A private hospital in Kent will claim to offer NHS and private patients “the only” cardiothoracic and neurosurgery tertiary care beds in the county, helping to reduce referrals to London trusts.
The Clydesdale Bank last week agreed a £34m loan deal to help build and run the Kent Institute of Medicine and Surgery, which is due to open in the second quarter of 2014.
Additional funding for the £80m development will be provided by corporate and private investors, including around 100 clinicians.
The private hospital will be built at the intersection of three primary care trusts – Medway, West Kent, and Eastern and Coastal Kent – and has agreed to make up to a quarter of its capacity available for NHS patients.
The bank said in a statement that there were no tertiary care beds for private or NHS patients in Kent, and that commissioners spend around £250m a year sending patients to be treated at central London hospitals such as Guy’s and St Thomas’ Foundation Trust.
Once open, the hospital would provide “the only cardiothoracic and neurosurgery tertiary care beds in Kent”, it added.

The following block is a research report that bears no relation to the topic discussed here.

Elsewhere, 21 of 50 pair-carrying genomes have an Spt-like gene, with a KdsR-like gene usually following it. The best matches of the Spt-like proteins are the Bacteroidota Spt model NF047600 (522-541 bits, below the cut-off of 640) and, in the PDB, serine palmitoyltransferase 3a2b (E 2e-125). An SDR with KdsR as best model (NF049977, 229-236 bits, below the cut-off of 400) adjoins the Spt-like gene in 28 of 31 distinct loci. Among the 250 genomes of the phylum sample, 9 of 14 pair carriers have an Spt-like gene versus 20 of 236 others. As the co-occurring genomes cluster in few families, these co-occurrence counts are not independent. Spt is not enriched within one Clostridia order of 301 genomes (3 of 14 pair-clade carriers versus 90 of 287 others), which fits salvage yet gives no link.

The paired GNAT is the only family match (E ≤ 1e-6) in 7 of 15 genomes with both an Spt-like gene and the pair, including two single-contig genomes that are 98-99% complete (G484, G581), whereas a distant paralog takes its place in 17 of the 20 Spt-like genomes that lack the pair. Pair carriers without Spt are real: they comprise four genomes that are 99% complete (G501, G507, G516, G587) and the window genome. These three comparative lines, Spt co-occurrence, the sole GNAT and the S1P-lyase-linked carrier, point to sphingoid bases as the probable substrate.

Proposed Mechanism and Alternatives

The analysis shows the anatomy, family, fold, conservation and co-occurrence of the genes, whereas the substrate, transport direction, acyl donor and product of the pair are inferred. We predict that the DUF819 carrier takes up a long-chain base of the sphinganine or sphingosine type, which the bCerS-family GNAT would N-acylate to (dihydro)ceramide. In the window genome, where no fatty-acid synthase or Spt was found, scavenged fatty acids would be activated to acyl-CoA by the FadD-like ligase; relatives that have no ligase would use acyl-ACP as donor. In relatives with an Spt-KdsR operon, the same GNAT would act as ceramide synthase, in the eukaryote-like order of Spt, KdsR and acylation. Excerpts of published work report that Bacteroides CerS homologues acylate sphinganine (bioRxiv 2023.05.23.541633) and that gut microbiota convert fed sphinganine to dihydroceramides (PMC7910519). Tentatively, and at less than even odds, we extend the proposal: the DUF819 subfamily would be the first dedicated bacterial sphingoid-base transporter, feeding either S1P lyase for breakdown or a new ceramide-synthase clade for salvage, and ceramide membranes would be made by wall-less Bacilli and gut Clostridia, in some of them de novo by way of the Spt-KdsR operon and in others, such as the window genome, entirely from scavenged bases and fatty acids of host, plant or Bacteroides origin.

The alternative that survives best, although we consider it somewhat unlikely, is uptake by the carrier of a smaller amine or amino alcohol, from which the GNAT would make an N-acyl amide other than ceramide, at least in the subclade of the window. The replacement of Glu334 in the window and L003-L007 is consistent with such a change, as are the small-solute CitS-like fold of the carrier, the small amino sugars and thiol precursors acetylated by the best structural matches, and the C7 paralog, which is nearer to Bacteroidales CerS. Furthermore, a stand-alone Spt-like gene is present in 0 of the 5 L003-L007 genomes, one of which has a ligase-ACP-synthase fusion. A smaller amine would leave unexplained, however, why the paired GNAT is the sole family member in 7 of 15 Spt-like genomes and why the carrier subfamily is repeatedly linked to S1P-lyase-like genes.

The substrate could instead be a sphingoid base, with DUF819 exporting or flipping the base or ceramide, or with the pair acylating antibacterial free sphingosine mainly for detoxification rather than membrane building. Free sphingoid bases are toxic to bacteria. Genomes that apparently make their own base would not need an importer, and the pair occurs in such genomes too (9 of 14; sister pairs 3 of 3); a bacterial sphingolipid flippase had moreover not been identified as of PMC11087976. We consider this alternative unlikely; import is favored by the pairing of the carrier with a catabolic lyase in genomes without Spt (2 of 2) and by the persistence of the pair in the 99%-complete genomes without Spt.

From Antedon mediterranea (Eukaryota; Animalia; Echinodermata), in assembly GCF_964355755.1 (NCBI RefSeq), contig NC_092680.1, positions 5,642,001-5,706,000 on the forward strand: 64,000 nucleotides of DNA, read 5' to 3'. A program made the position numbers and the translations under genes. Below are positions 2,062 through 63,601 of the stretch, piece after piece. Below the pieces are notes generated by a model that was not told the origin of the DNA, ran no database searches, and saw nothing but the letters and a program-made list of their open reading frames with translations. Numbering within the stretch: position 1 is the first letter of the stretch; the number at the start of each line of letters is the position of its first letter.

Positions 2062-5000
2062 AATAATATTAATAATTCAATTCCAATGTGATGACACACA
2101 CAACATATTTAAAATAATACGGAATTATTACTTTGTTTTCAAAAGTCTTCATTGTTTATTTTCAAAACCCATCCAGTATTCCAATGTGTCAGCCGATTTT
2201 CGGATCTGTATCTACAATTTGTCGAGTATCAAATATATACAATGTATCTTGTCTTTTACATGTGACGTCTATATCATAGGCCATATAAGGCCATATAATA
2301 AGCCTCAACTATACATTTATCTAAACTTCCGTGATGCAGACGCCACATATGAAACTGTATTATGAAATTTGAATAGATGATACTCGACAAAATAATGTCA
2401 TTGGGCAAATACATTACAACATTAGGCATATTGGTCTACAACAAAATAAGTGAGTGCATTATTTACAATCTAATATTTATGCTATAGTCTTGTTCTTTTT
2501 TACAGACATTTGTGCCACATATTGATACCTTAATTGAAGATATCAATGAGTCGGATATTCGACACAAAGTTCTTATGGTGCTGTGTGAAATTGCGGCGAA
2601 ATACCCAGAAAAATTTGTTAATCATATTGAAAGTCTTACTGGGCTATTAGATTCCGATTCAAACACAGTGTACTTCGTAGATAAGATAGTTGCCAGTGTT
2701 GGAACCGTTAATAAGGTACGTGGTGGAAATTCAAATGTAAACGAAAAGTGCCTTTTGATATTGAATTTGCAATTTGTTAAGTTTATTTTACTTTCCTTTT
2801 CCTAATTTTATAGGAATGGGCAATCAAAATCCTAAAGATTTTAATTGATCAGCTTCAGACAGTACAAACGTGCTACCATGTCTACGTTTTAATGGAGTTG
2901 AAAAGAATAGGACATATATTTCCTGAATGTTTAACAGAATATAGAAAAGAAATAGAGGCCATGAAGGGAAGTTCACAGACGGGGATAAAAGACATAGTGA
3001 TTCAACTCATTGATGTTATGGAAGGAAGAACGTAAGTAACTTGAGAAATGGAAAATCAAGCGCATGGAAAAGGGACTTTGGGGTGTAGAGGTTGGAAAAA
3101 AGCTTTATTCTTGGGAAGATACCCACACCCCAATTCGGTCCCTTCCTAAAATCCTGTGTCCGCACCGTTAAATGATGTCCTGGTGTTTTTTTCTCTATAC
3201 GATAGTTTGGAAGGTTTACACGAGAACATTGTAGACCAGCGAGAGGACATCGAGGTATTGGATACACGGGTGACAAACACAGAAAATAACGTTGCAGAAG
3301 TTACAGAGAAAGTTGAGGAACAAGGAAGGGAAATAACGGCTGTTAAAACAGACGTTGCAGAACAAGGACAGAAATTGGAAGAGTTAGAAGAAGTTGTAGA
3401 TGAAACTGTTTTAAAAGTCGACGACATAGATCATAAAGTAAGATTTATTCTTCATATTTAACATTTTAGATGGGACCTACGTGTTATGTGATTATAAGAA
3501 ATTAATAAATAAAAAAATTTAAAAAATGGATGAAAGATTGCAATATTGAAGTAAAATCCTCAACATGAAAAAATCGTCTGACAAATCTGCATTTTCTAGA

Institute chair Steven Bernstein told HSJ that the group had been in talks with Kent PCTs, GP commissioners, and some London NHS hospitals, “all of whom see the benefits of allowing patients to remain in the locality rather than transfer to London”.
Treating patients in London meant Kent commissioners had to pay higher ambulance costs, and the higher “market forces factor” weighting applied to NHS prices in the capital.
However, he added that the institute was “first and foremost a private hospital” and there could be capacity constraints on the amount of NHS patients it treated. The hospital will have just 74 inpatient beds and five main theatres, according to the Clydesdale statement.
He said around 250 clinicians involved in the project had agreed to transfer a proportion of their private practice – principally for Kent based patients currently treated in London – to the hospital.
He anticipated this income alone would make the hospital profitable from its first year of operation.